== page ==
Cooperation improves rural lives
In 2001, when Jiewen village in Wuping county, Fujian province, reformed the ownership of local forestry assets, Xie Xiangrong’s family of six was allocated more than 30 hectares of woodland.
Before his death in 2013, Xie’s father had been ill with various ailments for almost 20 years and his mother has senile dementia, so neither could work. That left the family heavily in debt, and it was 14 years before the assets they had been allocated began to generate an income.
In 2009, Xie began to build a new house to replace his dilapidated home, but a lack of funds meant it took three years to build the two-story house, which was decorated last year.
The family only began to benefit from their forestry assets in 2015, after they were given a logging permit that allowed them to fell some of their trees, bringing in 80,000 yuan ($11,750).
As forestry-related businesses develop in the province, more poverty-stricken families are seeing their living standards rise.
In 2015, having secured an interest-free loan of 30,000 yuan with the help of the local government, Xie, 42, set up 60 beehives.
Last year, he planted almost 3 hectares of sarcandra glabra, an aromatic herb used in traditional Chinese medicine, with the aid of a cooperative the government helped to establish in the village that provided about 60 percent of the 22,500 yuan Xie required to plant each hectare.
“We knew nothing about the plant, so the cooperative organized training. We don’t even have to worry about selling our produce because the cooperative is responsible for that,” he said.
Zhong Taifu, Party chief of Jiewen and also director of the cooperative, said 102 of the 164 families in the village have joined the cooperative, which encourages residents to plant TCM herbs and develop economies of scale.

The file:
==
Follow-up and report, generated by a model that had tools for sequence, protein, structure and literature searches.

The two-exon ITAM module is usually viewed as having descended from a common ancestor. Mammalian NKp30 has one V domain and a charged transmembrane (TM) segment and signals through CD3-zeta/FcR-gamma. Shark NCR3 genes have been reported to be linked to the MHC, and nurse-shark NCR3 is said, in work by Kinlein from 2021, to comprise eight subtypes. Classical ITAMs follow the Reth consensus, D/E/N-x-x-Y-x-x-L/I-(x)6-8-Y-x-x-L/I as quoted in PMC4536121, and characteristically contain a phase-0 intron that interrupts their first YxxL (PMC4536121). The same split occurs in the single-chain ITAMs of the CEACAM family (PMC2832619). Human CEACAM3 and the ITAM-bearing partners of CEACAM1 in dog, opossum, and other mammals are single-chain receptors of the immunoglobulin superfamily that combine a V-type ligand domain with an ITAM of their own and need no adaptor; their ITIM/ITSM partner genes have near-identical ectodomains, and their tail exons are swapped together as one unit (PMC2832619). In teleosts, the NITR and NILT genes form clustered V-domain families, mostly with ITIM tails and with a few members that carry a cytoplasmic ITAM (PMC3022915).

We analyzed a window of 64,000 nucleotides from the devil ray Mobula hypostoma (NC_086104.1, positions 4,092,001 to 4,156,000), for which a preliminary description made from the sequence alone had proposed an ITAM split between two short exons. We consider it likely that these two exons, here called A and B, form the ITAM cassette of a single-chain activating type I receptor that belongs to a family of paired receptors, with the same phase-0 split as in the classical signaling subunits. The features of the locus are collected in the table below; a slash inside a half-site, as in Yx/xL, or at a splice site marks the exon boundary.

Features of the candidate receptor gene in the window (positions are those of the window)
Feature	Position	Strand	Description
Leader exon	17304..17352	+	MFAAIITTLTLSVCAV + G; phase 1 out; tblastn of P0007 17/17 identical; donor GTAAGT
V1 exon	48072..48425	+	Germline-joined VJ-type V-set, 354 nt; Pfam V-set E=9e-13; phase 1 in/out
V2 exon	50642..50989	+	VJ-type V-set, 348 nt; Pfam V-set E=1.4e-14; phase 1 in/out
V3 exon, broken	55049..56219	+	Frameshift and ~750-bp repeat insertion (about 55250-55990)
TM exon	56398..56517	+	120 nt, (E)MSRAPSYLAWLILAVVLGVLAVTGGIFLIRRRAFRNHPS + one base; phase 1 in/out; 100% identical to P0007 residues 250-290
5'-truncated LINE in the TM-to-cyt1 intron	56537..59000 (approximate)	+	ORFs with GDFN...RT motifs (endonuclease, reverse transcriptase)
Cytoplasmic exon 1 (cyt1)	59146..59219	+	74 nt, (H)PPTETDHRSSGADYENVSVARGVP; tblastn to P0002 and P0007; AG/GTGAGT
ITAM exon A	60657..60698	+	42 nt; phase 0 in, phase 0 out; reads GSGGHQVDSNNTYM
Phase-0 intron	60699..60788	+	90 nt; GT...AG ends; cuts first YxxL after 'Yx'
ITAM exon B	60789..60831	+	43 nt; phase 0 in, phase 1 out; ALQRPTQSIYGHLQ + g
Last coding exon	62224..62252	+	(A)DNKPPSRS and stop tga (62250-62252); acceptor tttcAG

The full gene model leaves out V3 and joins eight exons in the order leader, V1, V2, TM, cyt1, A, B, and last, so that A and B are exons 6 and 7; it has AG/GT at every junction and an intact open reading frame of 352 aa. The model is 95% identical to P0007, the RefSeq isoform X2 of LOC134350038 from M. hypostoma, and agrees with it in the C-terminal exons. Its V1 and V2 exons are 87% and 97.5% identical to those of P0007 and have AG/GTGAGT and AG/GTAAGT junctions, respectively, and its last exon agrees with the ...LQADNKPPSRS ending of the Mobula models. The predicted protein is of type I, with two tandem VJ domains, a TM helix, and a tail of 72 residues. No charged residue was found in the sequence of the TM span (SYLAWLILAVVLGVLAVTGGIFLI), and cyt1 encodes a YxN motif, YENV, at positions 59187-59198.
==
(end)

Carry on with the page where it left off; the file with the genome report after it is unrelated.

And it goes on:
Last year, the revenue generated by forestry-related businesses, including beekeeping, plant nurseries and TCM herbs, was 25 million yuan, according to the village committee. The per capita net income has risen from 1,600 yuan in 2001 to 13,510 yuan, 45 percent of which comes from forestry-related activities.
Before, when Xie worked in construction and tended 0.5 hectares of farmland, he could barely make 5,000 yuan a year: “Now I can make 40,000 to 50,000 yuan a year from beekeeping, in addition to my other work. Without the government subsidy, it would be almost impossible for me to make so much money.”
He plans to cultivate more TCM herbs and has also planted a number of orange trees.
Zhong said the villagers will receive a subsidy for planting orange trees, but the details of the program have yet to be unveiled.
Xie’s family is just one of thousands in Wuping who are raising their living standards via these activities. The development of the forestry-related economy and other industries have seen 9,352, or 57 percent, of the county’s 21,873 impoverished residents lifted out of poverty in the past three years, according to the county government.
Xu Ruhui, director of the forestry ownership reform office at the Fujian Forestry Administration, said that since 2015, the provincial government has allocated 70 million yuan annually to subsidize the development of the forestry-related economy, with funds allocated to counties according to the area under protection, and poverty-stricken counties are given priority.